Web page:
Michael Pallas | September 23rd, 2019
When you watch the NFL and then turn on arena football, the games appear to be vastly different. However, based on how the NFL game is played today, they’re not as different as they appear to be.
When people watch arena football, it looks like a gimmicky version of outdoor football. A wide receiver is allowed to be in motion toward the offensive line, the defense is typically man-to-man across the board, no kneel-downs on kickoffs, and there are no intricate defensive rush packages like we see in the outdoor game. However, the passing games are much closer than people think, and it has to do with the dimensions of the field in indoor football.
The size of an arena football field is the same size as an NHL hockey rink. The field of play is 50 yards, each end zone is approximately eight yards, and the width is 85 feet. Here are the formation rules, as per the AFL website:
• Four (4) offensive players are required to line up on the line of scrimmage.
• Three (3) defensive players must be down lineman, in a three or four-point stance.
• One linebacker (the Mac LB) may rush on either side of the center. The alignment is two or more yards off of the line of scrimmage, and no stunting or twisting is permitted.
• Regarding offensive motion, one player receiver may progress forward prior to the snap.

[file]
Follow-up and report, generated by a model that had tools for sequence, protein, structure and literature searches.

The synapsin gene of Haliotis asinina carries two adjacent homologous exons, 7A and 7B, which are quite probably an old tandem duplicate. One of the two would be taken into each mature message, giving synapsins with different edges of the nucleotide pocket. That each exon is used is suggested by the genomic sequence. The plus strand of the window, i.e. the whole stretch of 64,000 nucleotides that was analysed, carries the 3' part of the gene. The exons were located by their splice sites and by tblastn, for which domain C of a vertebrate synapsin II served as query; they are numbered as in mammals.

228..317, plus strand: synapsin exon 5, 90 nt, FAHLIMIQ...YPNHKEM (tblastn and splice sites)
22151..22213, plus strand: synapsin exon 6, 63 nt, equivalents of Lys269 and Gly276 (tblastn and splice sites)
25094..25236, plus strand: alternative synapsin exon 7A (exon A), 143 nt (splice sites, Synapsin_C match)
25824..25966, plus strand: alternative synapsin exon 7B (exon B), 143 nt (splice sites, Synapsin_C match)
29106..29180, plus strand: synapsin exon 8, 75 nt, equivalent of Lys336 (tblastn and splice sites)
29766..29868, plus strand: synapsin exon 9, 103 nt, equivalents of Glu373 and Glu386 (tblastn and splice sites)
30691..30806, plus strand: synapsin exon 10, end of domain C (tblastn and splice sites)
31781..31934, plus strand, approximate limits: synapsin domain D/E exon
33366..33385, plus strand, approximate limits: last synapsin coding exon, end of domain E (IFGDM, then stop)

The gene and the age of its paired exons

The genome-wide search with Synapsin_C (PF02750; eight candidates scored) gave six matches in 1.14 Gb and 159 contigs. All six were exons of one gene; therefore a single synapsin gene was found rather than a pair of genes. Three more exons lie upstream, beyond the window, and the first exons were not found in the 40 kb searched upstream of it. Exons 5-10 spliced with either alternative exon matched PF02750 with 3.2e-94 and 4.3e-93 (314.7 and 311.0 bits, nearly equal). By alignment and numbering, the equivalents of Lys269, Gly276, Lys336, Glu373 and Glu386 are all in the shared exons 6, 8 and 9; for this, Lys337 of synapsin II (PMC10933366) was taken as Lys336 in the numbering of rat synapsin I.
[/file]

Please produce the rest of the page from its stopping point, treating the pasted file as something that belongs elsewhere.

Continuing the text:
In the indoor game, one of the three offensive linemen must declare himself as an eligible receiver before the snap. Also, one of the linebackers is only allowed to move from sideline to sideline five yards ahead of the line of scrimmage before a pass attempt or handoff, unless there’s a pump fake.
Despite all of the quirky rules, it still is very much like the NFL game, because of how the NFL has evolved. The passing game in the NFL has evolved into a quick and rhythm passing game. Two-and-a-half seconds or less is the mantra. Get the ball out quickly. This is where arena football and the NFL are similar.
Whether it’s the top level of arena football (AFL) or a lower-level league (like the Indoor Football League), the quarterbacks in the league have two things in common that are necessary to win. They all have to make decisions quickly, and they must be pinpoint accurate.
When it comes to accuracy, the windows are smaller in arena football simply because of the dimensions of the field. So a quarterback must be very accurate to succeed in any arena league. As far as timing is concerned, unlike an NFL quarterback, one in arena football doesn’t have the luxury sitting back in the pocket and scanning the field. While 2.5 seconds or less is the mantra in the NFL, that may be too much time to wait for an arena football quarterback more often than not.
The reason arena football quarterbacks don’t necessarily translate to the NFL is that there are more moving parts to an NFL defense because there’s more room. So, that would limit the movement from an arena league to the NFL in terms of playing.
Don’t completely discount the movement of offensive coaches from the AFL to the NFL, though. Arena football is much closer to the NFL than college is, and we look at college coaches with the potential to land NFL jobs. It’s time to start thinking outside the box and beyond just what appeals to our eye and what we’re accustomed to watching.
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